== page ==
In March, the company sold off its monitoring technology to a German investment firm.
Now this piece of business news, just days ago:
I am not sure exactly what EXPANDING ITS NORTH AMERICAN PRESENCE MEANS, but if the IRANIAN MODEL IS ANY INDICATION... WE ARE IN BIG TROUBLE HERE!
....Nokia Siemens, the world's No. 2 maker of wireless telecommunications gear by sales, has long sought to expand its North American presence....
What is also glaring in its absence is any kind of CONDEMNATION, or SANCTION, by the German government. After all, they have known about Siemens's activities in Iran for a long time. Have YOU heard about any fine, or prosecution, or incarceration, of Siemens executives regarding this specific matter? I haven't.
On the other hand, they have been FINED and INVESTIGATED over OTHER MATTERS, mind you, both in the U.S. and in Germany: over corruption and bribery issues. But what about the issue of COLLABORATION with an enemy? Nothing.
Siemens even uses as their defense the argument that they are not violating any criteria of the European Union regarding trade with Iran.
What this tells us is something very clear about both Germany and Europe's, and even the United States' position re: Siemens's activities in Iran: TACIT ACQUIESCENCE. The leadership of Iran is obviously NOT an enemy in their eyes, and it is OK to give it the most advanced technological capability, both to oppress their own population, and of course to SPY ON ISRAEL, so it can destroy it better.
.... and we already know WHO the European Union works for.....
SEE ALSO MY POST: A WRITER'S VIEW OF TODAY'S GERMANY.
THE LEOPARD, TRULY, HAS NOT CHANGED ITS SPOTS!
Update, 7/17/09 AsiaNews
» 07/17/2009 16:18
Nokia accused of being in the service of VEVAK, Iran’s spy agency
Iran’s opposition calls for a boycott of Nokia and Siemens, accused of providing Iran’s secret services with technology capable of monitoring telephone use. Along with the Pasdaran and Basij, the powerful spy agency has one main purpose, to crush the country’s democratic aspirations, by torture and beheading if necessary.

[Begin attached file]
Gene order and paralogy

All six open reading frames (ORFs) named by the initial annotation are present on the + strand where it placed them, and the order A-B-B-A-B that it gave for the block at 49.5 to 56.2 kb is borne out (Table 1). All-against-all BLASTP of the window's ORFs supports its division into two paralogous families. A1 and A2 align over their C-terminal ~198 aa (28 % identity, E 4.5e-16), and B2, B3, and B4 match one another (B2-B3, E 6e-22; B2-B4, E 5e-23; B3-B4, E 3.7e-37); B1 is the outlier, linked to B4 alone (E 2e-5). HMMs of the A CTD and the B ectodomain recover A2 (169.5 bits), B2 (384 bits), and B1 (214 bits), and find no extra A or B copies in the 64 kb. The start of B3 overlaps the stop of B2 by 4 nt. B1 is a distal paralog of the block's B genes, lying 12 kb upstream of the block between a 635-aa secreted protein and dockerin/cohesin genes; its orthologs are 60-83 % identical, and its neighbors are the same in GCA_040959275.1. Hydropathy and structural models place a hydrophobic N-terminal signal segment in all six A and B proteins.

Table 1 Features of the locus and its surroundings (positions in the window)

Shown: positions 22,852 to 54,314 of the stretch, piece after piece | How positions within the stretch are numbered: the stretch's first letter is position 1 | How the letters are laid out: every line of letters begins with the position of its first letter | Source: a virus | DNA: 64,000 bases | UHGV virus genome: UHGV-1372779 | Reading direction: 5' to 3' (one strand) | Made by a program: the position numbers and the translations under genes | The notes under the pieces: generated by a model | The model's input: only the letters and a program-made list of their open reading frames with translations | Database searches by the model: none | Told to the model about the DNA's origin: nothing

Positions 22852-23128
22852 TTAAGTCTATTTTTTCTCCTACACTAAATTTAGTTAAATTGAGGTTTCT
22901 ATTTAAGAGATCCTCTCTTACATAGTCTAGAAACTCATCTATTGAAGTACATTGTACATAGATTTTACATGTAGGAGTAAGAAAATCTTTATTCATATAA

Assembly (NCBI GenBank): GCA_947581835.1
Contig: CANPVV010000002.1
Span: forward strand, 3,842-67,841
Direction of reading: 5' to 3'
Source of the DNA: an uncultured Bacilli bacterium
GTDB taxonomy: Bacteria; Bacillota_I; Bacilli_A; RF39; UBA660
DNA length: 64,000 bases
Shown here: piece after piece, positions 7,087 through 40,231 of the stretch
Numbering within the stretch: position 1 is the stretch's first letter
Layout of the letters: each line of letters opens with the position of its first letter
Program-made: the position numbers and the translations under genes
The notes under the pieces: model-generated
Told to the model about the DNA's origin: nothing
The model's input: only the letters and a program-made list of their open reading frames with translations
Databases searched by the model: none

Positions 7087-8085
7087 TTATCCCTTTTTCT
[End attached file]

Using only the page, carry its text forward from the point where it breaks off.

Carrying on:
Tehran (AsiaNews) – A month ago Ahmadinejad’s opponents used electronic means of communication to organise and broaden their protest. The regime’s first reaction was to unleash the brutal Basij, the “volunteers” of the Revolution.
Such armed militiamen are the foot soldiers of Iran’s domestic secret service, the VEVAK, which is part of the Ministry of Intelligence (MOI). With some 20,000 employees, the MOI is at the disposal of Iran’s hard-line rulers, men like President Mahmoud Ahmadinejad and Supreme Leader Ali Khamenei. But at one time, when Rafsanjani was president, the VEVAK was in the “state terrorism” big time, threatening and killing the regime’s opponents even in Western countries.
According to Yves Bonnet, a former director of the Direction de la Surveillance du Territoire (DST) (Directorate of Territorial Surveillance, the French secret service), in just two month in 1988 the VEVAK executed some 33,000 people on the order of Khomeini. No wonder then, that the VEVAK is listed as a “terrorist organisation in some countries like Canada”.1
Today the domestic spy agency runs its own prisons, torturing and beheading enemies of the state. Unlike the Pasdaran and the Basij whose task is to keep an eye on the streets of Iranian cities, VEVAK’s business is spying on Iranians and propaganda, great tools to undermine Iran’s pro-reform and pro-democracy movement.